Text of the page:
Survey of the Southern Part of the Mahale Mountains
Michio Nakamura1, Hitonaru Nishie1, and Crispin Mwinuka2, 3
2. Mahale Mountains National Park
3. Mahale Mountains Wildlife Research Centre
The Mahale Mountains National Park contains the majority of chimpanzees (Pan troglodytes schweinfurthii) in Tanzania1. However, after initial research stages, studies have mainly focused on habituated chimpanzee groups (see 2 for details) that inhabit the northern part of the park. Consequently, recent information on unhabituated chimpanzee groups is mostly from adjacent groups of the main study group, M group (e.g, 3, 4, 5, and 6). Although there have been recent surveys further to the north7 and further to the east8, no systematic survey further south has been recently conducted.
The objective of this survey is to obtain general information of the southern part of the park: the occurrences of chimpanzees and other large mammals, the vegetation types, and the degree of human disturbance that can be useful for area conservation.
We counted chimpanzee beds found from the survey route and estimated the distance from the route by eye. We roughly estimated the age of the beds and identified the species of their host trees. Chimpanzee vocalization, food remains, or feces were also recorded whenever encountered. We also recorded direct and indirect evidence of other large mammals and made rough sketches of vegetation types and human disturbance (e.g., remains of cultivation, fire, etc.).
The evidence for large mammals is summarized in Table 1. Direct observations of mammals were rare, perhaps because of the destroyed vegetation. Animals may have detected us before we noticed them. Although much of the chimpanzee evidence we found (plotted in Figure 1) was old beds, we heard calls twice and saw some fresh feces. Table 2 shows the species of the host trees of the chimpanzee beds.
Figure 1. Southern part of the Mahale Mountains National Park and the survey route.
Judging from the distribution of chimpanzee evidence, the ranging patterns of known groups, the vegetation, and the geographical characteristics, we estimated that our survey area covered the ranges of five unit groups, each mainly utilizing the riverine forests of Lubugwe, Msuma, Katimba, Lumbye, and Msilambula, respectively. We need additional surveys to confirm our assumptions.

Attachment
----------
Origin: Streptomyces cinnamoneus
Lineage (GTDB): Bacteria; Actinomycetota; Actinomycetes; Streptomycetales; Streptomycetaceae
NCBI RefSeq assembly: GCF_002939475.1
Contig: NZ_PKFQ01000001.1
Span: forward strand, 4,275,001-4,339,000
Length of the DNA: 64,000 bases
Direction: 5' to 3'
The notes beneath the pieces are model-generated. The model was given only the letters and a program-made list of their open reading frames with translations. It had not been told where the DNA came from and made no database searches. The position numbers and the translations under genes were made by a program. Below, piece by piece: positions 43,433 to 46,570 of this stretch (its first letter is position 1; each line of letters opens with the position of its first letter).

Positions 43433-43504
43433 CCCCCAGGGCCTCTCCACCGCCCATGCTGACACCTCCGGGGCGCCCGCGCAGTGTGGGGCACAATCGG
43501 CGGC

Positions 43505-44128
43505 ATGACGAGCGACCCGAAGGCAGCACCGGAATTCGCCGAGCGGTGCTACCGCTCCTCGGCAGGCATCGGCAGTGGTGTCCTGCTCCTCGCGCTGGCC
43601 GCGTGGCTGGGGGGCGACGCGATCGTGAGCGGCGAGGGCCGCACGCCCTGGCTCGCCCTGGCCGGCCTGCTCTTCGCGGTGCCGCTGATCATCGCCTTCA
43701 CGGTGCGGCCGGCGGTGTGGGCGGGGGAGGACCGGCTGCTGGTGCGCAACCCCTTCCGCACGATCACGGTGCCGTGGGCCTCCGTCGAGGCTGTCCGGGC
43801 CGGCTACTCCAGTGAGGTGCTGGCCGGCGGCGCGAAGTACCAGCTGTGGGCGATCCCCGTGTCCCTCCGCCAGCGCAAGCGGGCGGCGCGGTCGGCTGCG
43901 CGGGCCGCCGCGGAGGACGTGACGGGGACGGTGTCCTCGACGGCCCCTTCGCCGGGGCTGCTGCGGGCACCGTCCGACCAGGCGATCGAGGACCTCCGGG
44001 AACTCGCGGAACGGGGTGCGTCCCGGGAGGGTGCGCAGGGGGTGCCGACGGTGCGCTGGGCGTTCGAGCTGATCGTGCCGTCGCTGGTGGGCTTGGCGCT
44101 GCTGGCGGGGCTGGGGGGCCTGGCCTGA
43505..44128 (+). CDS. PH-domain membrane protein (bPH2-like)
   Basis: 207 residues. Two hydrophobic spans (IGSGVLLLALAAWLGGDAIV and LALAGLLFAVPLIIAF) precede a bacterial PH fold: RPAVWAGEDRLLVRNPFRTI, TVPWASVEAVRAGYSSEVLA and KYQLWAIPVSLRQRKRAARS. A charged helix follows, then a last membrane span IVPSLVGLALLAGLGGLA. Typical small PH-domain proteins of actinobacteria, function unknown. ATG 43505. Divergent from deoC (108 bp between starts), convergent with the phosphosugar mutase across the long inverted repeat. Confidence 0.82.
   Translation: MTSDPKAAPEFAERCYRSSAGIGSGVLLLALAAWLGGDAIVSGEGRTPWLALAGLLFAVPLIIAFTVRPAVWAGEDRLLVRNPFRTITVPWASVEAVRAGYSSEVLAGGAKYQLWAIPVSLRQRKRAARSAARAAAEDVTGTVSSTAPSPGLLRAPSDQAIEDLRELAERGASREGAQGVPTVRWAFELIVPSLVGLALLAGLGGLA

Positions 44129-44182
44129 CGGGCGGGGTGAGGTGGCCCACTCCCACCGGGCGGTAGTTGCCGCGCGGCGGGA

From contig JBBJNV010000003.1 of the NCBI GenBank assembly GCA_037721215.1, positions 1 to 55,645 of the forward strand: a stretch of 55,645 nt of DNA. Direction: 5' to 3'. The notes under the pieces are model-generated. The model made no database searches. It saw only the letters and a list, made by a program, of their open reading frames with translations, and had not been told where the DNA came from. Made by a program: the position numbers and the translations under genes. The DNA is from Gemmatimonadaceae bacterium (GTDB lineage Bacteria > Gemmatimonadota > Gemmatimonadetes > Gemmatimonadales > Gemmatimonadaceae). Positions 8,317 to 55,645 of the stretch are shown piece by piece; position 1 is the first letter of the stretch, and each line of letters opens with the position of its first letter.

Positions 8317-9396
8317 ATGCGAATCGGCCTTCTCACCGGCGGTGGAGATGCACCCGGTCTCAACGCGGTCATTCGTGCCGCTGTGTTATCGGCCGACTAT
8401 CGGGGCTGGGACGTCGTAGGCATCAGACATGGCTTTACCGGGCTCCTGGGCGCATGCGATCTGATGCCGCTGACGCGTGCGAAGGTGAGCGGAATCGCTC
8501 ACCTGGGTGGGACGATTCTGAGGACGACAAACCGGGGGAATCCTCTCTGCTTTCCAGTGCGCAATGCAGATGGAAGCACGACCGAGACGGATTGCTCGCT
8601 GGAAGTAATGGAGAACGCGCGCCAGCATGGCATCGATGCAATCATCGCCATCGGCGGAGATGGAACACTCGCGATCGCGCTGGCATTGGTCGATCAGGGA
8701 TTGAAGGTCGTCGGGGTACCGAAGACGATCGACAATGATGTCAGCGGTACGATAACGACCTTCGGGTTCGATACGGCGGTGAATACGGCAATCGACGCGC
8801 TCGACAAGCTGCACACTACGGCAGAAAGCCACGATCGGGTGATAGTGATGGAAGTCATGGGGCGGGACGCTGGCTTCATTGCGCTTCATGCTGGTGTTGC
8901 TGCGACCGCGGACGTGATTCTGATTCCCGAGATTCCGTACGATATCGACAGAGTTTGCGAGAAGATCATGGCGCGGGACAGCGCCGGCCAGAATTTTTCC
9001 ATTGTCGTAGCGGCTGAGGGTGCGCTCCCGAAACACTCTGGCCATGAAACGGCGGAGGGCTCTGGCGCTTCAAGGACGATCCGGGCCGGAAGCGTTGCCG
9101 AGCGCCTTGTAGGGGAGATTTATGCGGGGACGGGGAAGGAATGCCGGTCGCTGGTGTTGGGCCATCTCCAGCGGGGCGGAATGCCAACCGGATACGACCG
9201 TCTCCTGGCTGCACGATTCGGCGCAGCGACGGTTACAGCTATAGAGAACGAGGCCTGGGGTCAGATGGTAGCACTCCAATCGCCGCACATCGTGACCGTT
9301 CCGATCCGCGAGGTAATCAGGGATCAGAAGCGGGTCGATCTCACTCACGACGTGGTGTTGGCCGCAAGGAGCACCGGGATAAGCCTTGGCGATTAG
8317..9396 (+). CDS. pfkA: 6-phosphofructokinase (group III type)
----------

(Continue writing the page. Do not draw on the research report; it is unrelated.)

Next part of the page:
To estimate the number of chimpanzees inhabiting this area, we need information of the speed of bed decay. Since most bed trees we found were Brachystegia, which are common in Miombo woodlands, bed decay data for these tree species have to be collected in dry Miombo woodlands.
We tried to walk straight to gather less biased data of chimpanzee beds. However, this was difficult due to two reasons. One is the landscape. Although we managed to cross the Katimba Valley without any special equipment, we had to cautiously select the safest route, and so we could not merely walk straight. Secondly, we quit walking straight because of a lack of water. Unlike a census in moist rain forests, it is hard to find water in a savanna woodland during the dry season. This is a serious obstacle when considering a wider census in Mahale.
Just as the eastern area of the Mahale National Park8, the area south of Lumbye was badly burned. Even here we found old chimpanzee beds (especially around Msilambula), but we did not find recent evidence in such dry and burned areas. This suggests that chimpanzees utilize this area only in rainy season and migrate to other areas (perhaps near the lakeshore1) in dry season. If so, it means that the chimpanzees are forced to range wider because of human disturbance even within the protected area. An effective fire management plan is promptly required to cover the entire area of the park.
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